MADISON (WKOW) -- There's been 30 percent jump in the number of bankruptcy filings in the first half of this year compared to the first half of last year.
And that would seem to say a lot about how bad times have become for people, since congress recently made it harder to declare bankruptcy.
In tonight's It's Your Money report, the bankruptcy option.
Bankruptcy court is a tougher place to plead your case. The popular Chapter 7 that used to allow people to simply dissolve their debt became a much more difficult option when Congress overhauled the bankruptcy laws in 2005.
"There's a new needs-based test put into place on Chapter 7 that will essentially eliminate most middle-class families from being eligible for bankruptcy," UW Extension Financial Specialist Michael Gutter says.
Despite the test, the down economy has resulted in across-the-board jumps in bankruptcies. They're up 30% nationally in the first half of this year compared to last. Statewide, up 46% in the second quarter of this year compared to 2007, and in Dane County, up more than 38% in the same period.
Besides being a stricter process, bankruptcy is also more expensive. The US Government Accountability Office says attorneys fees for people who file for Chapter 7 increased by 51% since the new law took effect. Costs for chapter 13 filings are also up. In addition, the court fees to file are higher.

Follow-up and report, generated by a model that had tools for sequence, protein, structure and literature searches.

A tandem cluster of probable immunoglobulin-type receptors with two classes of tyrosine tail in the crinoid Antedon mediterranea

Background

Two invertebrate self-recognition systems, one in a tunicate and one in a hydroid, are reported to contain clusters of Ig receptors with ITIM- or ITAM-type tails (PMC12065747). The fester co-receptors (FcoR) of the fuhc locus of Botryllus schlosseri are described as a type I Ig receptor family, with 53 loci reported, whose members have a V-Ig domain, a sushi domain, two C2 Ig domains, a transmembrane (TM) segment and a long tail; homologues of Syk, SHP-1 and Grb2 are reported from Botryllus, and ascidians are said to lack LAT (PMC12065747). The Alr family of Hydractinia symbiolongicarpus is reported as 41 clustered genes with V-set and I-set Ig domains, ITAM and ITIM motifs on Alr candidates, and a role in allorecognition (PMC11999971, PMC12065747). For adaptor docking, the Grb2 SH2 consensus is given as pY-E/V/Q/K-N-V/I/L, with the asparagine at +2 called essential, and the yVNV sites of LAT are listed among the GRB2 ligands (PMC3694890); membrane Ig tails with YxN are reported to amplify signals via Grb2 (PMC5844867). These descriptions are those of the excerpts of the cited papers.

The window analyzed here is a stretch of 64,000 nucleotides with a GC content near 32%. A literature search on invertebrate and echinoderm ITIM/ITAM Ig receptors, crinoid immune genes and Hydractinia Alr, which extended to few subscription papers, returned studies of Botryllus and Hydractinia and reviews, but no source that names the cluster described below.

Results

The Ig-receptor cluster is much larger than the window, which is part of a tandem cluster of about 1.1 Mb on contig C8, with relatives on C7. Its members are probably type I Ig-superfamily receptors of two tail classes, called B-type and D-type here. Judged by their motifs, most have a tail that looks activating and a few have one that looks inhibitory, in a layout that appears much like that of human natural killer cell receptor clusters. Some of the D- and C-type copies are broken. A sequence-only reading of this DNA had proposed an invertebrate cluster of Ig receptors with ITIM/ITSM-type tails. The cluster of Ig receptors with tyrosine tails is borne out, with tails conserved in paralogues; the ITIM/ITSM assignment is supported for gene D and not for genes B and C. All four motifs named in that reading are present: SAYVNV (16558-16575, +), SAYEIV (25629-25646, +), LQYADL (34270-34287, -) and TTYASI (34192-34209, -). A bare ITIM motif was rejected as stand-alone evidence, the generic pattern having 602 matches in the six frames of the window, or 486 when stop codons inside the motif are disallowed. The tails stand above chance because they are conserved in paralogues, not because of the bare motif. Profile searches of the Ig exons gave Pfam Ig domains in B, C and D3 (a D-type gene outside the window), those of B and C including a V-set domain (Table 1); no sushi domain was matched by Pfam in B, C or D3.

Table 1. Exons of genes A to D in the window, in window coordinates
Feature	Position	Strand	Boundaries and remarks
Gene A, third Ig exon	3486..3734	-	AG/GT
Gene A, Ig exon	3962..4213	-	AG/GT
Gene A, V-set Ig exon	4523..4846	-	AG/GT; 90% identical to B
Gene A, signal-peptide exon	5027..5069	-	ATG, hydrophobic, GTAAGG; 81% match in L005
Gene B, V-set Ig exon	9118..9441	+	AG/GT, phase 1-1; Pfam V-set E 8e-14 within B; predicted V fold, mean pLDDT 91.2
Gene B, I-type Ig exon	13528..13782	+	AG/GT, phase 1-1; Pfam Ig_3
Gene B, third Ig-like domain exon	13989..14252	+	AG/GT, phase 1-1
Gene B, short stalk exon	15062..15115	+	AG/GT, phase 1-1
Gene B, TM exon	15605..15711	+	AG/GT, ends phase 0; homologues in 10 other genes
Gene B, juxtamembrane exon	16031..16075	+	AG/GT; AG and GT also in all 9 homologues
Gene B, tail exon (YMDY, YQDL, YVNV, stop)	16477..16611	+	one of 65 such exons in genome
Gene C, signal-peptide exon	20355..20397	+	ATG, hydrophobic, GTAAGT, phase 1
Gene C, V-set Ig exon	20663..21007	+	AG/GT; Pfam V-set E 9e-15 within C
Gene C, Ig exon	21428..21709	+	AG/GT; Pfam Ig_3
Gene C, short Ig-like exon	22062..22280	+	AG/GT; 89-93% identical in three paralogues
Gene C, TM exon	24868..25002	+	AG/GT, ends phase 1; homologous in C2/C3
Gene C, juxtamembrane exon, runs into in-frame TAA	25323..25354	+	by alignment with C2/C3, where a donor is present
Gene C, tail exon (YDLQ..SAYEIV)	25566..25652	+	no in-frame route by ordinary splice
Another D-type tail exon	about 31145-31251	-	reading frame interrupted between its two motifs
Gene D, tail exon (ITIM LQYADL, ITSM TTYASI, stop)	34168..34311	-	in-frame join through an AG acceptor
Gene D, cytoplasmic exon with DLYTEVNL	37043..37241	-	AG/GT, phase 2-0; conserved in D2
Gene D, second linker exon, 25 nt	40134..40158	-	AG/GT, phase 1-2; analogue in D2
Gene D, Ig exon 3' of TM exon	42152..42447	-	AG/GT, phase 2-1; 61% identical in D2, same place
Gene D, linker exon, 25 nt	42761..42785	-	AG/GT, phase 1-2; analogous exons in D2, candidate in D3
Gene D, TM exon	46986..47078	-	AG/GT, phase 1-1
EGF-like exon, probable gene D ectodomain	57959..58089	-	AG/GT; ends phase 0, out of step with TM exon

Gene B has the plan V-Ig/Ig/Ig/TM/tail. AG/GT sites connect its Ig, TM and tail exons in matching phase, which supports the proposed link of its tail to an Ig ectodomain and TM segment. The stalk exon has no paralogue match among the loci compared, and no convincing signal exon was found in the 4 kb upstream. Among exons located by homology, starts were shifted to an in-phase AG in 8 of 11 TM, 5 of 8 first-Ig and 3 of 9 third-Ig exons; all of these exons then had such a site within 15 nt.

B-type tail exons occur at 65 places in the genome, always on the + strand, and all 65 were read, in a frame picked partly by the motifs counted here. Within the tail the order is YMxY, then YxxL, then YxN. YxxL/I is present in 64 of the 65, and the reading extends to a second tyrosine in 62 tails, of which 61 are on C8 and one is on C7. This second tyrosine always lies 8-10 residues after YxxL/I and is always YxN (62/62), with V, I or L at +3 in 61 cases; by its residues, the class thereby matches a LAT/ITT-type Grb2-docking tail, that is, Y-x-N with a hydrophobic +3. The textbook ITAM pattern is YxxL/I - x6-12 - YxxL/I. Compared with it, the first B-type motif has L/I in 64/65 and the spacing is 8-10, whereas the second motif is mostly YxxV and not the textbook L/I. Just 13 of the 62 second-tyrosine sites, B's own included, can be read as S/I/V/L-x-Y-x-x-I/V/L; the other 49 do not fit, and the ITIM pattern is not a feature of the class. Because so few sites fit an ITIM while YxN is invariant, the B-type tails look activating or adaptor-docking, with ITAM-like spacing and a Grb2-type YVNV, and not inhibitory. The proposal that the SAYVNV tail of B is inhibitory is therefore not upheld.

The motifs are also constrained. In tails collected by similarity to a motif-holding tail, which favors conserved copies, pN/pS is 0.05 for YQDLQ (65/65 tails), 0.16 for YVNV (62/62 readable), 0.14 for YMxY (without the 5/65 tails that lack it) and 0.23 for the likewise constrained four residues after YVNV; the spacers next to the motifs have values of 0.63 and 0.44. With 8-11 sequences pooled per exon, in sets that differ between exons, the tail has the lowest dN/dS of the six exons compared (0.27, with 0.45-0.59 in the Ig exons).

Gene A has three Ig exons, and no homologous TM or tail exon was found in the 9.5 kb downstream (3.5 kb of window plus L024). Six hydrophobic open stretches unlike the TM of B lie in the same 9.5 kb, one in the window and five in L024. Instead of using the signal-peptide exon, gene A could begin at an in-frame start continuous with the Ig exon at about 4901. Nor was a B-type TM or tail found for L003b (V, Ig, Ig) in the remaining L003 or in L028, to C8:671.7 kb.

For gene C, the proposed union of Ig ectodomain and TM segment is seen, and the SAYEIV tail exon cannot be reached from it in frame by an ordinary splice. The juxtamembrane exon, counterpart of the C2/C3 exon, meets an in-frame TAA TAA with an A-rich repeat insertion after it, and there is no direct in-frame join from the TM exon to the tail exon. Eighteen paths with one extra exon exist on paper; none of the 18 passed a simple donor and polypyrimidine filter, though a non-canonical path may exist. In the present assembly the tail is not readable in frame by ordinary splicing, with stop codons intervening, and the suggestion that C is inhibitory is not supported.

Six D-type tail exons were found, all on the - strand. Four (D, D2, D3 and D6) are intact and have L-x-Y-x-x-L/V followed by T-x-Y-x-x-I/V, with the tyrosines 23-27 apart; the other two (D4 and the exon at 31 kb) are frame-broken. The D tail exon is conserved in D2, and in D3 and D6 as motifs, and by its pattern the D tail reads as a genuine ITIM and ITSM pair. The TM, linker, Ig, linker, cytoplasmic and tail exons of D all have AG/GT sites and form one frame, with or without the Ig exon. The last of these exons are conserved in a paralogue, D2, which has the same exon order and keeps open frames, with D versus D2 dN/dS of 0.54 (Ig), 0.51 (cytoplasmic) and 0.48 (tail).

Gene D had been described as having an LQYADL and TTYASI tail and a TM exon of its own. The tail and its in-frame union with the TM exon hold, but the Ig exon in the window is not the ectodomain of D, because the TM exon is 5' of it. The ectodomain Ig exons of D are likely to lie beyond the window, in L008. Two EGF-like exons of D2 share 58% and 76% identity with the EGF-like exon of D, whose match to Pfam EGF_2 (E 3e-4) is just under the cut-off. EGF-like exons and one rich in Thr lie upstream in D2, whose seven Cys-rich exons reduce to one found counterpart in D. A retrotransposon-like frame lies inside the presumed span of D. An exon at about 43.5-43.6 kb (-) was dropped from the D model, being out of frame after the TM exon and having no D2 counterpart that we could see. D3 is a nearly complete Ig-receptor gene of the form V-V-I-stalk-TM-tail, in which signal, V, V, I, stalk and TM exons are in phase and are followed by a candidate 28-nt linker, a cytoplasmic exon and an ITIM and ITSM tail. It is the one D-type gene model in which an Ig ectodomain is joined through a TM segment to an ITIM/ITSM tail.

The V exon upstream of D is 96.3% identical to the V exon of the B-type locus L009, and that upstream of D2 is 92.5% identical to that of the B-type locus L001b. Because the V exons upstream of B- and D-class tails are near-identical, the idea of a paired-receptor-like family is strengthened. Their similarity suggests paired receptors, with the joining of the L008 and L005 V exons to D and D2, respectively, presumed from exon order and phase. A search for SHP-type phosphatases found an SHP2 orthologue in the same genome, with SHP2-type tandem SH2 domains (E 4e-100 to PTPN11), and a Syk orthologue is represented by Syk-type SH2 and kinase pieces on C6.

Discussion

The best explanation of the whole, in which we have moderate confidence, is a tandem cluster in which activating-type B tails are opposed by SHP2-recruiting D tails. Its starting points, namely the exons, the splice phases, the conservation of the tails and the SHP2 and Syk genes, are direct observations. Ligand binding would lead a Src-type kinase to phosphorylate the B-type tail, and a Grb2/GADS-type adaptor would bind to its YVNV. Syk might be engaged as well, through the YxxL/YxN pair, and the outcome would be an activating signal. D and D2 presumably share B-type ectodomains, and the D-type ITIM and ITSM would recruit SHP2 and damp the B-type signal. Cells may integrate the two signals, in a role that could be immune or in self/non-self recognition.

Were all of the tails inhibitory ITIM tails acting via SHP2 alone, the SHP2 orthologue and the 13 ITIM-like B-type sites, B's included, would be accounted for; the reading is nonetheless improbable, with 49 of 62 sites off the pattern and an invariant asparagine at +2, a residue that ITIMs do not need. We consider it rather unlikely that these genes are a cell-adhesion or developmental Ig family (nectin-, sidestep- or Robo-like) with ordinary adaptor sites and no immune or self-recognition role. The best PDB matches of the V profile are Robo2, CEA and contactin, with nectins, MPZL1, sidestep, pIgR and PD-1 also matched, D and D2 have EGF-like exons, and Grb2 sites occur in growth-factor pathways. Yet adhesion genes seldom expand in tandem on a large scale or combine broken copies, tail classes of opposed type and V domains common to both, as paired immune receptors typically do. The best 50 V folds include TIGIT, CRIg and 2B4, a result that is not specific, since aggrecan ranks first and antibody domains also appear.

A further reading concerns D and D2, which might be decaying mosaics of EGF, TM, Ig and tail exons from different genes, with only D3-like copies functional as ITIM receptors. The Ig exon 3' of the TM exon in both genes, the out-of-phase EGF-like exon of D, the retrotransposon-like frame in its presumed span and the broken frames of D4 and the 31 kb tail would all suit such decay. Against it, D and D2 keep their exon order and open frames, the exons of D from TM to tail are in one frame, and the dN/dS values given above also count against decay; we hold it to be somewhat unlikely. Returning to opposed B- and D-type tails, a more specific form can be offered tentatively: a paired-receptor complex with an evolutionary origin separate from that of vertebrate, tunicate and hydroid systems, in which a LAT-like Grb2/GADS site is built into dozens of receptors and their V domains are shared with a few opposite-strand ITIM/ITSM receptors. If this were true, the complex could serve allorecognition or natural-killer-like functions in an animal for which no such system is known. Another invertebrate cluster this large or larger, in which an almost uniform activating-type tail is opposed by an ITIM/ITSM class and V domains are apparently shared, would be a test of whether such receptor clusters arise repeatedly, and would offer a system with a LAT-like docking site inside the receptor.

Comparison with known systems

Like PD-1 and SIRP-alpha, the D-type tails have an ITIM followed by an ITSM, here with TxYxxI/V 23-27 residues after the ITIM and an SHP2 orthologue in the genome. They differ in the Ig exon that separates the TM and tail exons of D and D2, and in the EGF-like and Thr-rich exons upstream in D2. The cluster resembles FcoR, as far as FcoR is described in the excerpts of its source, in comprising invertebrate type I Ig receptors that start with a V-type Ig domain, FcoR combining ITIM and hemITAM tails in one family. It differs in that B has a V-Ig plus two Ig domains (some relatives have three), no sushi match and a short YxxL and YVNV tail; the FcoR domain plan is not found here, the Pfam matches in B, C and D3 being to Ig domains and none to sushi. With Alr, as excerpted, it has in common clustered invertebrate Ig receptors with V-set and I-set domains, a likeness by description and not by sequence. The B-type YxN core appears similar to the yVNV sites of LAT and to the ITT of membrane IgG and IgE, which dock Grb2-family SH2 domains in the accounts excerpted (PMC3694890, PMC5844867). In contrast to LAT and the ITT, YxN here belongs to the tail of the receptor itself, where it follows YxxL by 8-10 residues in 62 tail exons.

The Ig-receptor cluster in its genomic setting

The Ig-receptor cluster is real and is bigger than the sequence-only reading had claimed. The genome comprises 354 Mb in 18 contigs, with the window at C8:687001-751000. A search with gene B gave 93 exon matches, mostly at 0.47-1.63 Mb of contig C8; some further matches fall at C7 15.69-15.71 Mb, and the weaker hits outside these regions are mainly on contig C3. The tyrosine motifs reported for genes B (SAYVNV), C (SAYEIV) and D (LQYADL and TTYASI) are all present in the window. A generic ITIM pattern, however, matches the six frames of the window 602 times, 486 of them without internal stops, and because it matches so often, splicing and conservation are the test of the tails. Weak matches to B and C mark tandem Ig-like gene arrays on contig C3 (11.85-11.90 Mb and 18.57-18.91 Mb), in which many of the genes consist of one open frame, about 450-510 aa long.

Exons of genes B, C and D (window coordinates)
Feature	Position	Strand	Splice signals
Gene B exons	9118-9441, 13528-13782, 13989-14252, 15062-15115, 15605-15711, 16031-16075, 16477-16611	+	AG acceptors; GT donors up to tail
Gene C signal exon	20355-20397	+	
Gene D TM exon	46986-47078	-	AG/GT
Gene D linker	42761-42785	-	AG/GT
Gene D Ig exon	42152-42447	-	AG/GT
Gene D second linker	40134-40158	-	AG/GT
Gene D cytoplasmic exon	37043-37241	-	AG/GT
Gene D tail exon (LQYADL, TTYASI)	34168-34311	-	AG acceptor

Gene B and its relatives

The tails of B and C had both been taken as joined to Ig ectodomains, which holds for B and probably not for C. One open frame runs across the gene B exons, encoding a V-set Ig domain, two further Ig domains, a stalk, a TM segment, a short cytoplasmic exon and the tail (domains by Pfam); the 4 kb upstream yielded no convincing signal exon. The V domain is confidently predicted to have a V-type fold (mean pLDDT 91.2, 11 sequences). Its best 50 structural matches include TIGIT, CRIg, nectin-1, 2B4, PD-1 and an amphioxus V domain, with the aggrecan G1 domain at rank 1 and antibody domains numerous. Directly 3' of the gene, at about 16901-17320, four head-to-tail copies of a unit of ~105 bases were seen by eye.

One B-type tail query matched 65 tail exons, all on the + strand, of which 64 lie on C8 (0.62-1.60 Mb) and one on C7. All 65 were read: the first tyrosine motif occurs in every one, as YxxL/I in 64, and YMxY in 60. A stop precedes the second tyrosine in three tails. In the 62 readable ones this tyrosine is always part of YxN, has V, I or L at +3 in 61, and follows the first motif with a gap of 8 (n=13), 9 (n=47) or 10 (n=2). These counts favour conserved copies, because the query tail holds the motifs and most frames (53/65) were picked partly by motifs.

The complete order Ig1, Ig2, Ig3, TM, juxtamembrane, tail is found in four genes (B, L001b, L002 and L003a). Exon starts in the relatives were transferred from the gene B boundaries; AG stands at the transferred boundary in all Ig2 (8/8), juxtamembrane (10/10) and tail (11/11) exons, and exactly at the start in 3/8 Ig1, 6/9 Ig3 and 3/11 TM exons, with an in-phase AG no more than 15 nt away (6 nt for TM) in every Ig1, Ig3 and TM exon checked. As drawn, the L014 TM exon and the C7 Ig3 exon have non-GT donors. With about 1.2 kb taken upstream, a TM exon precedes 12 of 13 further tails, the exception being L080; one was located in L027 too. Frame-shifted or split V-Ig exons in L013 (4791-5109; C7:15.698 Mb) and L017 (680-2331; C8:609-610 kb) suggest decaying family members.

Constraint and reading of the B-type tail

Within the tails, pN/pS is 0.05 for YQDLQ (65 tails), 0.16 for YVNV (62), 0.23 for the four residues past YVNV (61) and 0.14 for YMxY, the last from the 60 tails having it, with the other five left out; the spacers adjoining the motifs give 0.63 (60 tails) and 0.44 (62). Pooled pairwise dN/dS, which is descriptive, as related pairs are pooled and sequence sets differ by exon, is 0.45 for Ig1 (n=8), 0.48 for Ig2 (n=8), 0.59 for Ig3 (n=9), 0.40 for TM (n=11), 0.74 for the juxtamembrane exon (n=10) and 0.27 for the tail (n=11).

There are two types of personal bankruptcy: Chapter 7 and Chapter 13. Under 7, as we mentioned, debt is erased entirely. Chapter 13 is a reorganization plan under which creditors get their money, but perhaps over a longer period of time with less interest.
Besides creating a new test for Chapter 7, the new bankruptcy law also requires filers to literally learn a lesson from the experience.
"Prior to filing for bankruptcy, families will need to complete financial education and those being moved into Chapter 7 or 13 will need to work with a financial counselor to actually establish that repayment strategy," Gutter says.
The stricter requirements have also cost the government more money to enforce. About a third of the money spent to overhaul the bankruptcy laws was spent on implementing the needs-based test. One cost that continues to be high is the one bankruptcy filers must pay even after the bills are paid.
"The impact, of course, for all bankruptcy is that it will appear on your credit report and significantly impact your credit score for up to seven years," Gutter says.